OLYMPIA — A House committee on Monday approved a measure to legalize same-sex marriage in Washington state, setting the stage for final passage this week.
The House Judiciary committee advanced the measure on a 7-5 vote after a public hearing. The bill could be up for a vote on the House floor as early as Wednesday. The Senate passed the measure on a 28-21 vote last Wednesday. Once passed by the House, the bill goes to Gov. Chris Gregoire for her signature.
Opponents have promised a referendum challenge at the ballot.
Rep. Laurie Jinkins, D-Tacoma, testified in support of the bill, joined by her partner of 23 years, Laura Wulf, and their son.
“We all understand that marriage is not just about contracts and rights and responsibilities,” she said. “It’s about love and commitment.”
Maureen Richardson, the state director for Concerned Women for America, argued that the measure would negatively affect families.
“Marriage is just too important to the culture to be redefined,” she said.
Several Republican amendments were rejected, including one that would have added private businesses and individuals, such as bakers and photographers, to the exemption in the measure that doesn’t require religious organizations or churches to perform marriages and doesn’t subject them to penalties if they don’t marry gay or lesbian couples. Another would have added a referendum clause.
Opponents must turn in 120,577 signatures by June 6. If opponents fall short in the number of signatures they turn in, gay and lesbian couples would be able to be wed as soon as the signature count is done, likely sometime in June. Otherwise, they would have to wait until the results of a November election.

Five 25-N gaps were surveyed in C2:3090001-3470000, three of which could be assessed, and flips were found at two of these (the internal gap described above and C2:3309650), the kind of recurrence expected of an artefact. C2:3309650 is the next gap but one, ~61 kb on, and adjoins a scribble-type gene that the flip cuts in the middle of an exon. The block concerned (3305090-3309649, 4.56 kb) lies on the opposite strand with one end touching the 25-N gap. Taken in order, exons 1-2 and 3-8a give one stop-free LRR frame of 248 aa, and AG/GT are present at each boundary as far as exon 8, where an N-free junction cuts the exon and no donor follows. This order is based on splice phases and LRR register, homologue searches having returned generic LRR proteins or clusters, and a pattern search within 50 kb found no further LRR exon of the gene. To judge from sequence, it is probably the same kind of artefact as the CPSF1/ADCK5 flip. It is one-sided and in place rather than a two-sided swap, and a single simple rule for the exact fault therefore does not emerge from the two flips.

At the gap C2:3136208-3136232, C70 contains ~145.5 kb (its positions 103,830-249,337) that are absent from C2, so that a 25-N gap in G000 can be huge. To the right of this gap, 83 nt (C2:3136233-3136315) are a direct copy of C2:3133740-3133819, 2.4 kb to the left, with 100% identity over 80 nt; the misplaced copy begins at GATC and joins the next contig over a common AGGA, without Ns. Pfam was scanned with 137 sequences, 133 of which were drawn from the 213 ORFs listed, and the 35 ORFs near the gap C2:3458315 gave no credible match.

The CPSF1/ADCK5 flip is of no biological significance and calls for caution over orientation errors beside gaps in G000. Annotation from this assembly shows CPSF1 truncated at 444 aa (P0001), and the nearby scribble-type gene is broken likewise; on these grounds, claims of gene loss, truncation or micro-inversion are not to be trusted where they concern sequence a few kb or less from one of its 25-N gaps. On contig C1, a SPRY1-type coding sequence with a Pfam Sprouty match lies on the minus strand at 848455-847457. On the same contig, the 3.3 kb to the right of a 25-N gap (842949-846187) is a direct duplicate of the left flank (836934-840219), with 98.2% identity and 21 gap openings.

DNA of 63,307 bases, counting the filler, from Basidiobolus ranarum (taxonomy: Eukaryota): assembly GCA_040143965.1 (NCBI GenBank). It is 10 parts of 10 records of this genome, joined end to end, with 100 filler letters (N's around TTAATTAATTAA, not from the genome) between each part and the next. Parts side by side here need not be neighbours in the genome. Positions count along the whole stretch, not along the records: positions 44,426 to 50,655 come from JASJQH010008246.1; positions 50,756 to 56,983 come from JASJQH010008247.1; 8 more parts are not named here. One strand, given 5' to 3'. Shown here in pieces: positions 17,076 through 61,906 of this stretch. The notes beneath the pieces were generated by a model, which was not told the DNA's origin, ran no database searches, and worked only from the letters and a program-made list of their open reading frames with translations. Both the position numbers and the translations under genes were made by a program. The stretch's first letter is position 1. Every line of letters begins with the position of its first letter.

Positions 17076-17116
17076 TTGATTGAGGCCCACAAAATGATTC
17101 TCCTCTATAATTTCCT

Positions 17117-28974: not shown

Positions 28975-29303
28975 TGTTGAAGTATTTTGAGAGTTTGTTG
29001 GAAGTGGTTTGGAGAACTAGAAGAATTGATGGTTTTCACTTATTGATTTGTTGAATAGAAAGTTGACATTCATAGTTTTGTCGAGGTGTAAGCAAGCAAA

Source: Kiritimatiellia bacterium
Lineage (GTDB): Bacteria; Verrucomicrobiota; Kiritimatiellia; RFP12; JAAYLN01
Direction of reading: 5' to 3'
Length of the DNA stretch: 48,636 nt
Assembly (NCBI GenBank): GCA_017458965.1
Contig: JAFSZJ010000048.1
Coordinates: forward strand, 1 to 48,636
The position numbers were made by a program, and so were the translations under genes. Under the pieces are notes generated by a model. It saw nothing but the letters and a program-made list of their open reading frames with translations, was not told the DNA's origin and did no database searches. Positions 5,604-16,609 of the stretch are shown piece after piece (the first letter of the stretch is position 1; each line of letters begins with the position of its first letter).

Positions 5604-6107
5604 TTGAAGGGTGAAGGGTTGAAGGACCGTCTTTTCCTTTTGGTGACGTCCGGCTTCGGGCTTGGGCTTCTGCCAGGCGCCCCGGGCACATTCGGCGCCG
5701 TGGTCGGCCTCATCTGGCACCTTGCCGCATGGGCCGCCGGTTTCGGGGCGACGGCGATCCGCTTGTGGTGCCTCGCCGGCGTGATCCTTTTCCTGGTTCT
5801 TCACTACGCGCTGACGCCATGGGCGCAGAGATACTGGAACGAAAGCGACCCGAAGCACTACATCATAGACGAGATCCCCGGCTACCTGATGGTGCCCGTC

Washington state has had a domestic partnership law since 2007, and an “everything but marriage” expansion of that law since 2009.
Same-sex marriage is legal in New York, Connecticut, Iowa, Massachusetts, New Hampshire, Vermont and the District of Columbia.
Under the measure that passed the Senate Wednesday, the more than 9,300 same-sex couples currently registered in domestic partnerships would have two years to either dissolve their relationship or get married. Domestic partnerships that aren’t ended prior to June 30, 2014, would automatically become marriages.
Domestic partnerships would remain for senior couples where at least one partner is 62 years old or older. That provision was included to help seniors who don’t remarry out of fear they could lose certain pension or Social Security benefits.